There are three interesting points left to make. Burgess notes that when he focuses just on GCSEs and not “equivalents” (which as Andrew says above, are not equivalent at all) the London effect re-appears. This is actually the table you show in your blog, the reason the Chinese are at the bottom of that is that they have the lowest ratio of taking equivalents to “full” GCSEs. Which is what you’d expect, “full” GCSEs are harder so you’d expect the highest performing group to take more of them. It also re-appears if you focus only on the % of children getting the very highest grades at GCSE. This was my point on twitter – even controlling for ethnicity, gender, month of birth, economic background and the level children started at – London schools still do a better job of getting more pupils to the highest grades than we would expect. And finally there appears to be potential peer effect where white British pupils (the lowest performing group) are doing better in London but their performance cannot be explained by anything London schools are doing and they seem to do worse in areas with less ethnic integration (which is might be why Manchester doesn’t do as well as Birmingham or London. All three cities have quite large percentages of ethnically diverse children, but they are much better integrated in Birmingham and London). Although as Burgess says, this might actually be because the white British people in London are inherently different to the white British people in the rest of the country. So maybe there is something good going on in the capital (or maybe it’s just attracted all the smart people).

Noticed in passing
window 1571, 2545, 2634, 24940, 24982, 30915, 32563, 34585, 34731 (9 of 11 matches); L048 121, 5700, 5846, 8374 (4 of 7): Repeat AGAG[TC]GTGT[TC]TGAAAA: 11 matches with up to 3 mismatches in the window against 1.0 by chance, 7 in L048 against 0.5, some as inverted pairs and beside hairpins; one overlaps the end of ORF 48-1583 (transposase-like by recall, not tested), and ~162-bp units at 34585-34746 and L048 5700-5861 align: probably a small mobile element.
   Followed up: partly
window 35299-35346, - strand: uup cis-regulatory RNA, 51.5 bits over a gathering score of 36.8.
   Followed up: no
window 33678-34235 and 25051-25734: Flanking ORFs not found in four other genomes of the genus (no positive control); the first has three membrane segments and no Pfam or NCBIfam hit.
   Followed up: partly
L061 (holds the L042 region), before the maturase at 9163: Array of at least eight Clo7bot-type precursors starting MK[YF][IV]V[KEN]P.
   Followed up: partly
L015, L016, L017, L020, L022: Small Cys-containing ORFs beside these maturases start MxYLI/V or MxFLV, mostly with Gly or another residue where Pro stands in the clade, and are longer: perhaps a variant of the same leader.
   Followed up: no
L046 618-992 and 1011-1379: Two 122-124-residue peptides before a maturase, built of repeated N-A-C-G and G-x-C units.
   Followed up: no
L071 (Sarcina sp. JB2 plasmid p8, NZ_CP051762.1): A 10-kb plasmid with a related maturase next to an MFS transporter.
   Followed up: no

Sorry for such a long post – I hope it’s useful and reasonably clear. Please just let me know if not, or if you feel I’ve made an error anywhere!

  7. Thanks for your very detailed explanation of your argument, which I appreciate. However, I probably haven't explained sufficiently my strong reservations about "controlling for" variables which are themselves contaminated by differences in ability. I will dig out those posts for you, and then come back later.

  8. The presentation of this research in the media implied that London children were actually getting higher GCSE grades than the benighted white-bread provincials (I paraphrase).

    Is this not the case ?

  9. Study UK results before London. Look at population before sub-population. In UK some ethnic groups were getting a higher pass rate than local whites, and likely higher grades. This was already known and predicted from higher intelligence of Chinese. Coverage said "diversity" was good, which obscures the differences in racial groups, some raising and others lowering educational attainment. For London effect, look at Birmingham effect, which is stronger, but conflates the two different meanings of "progress".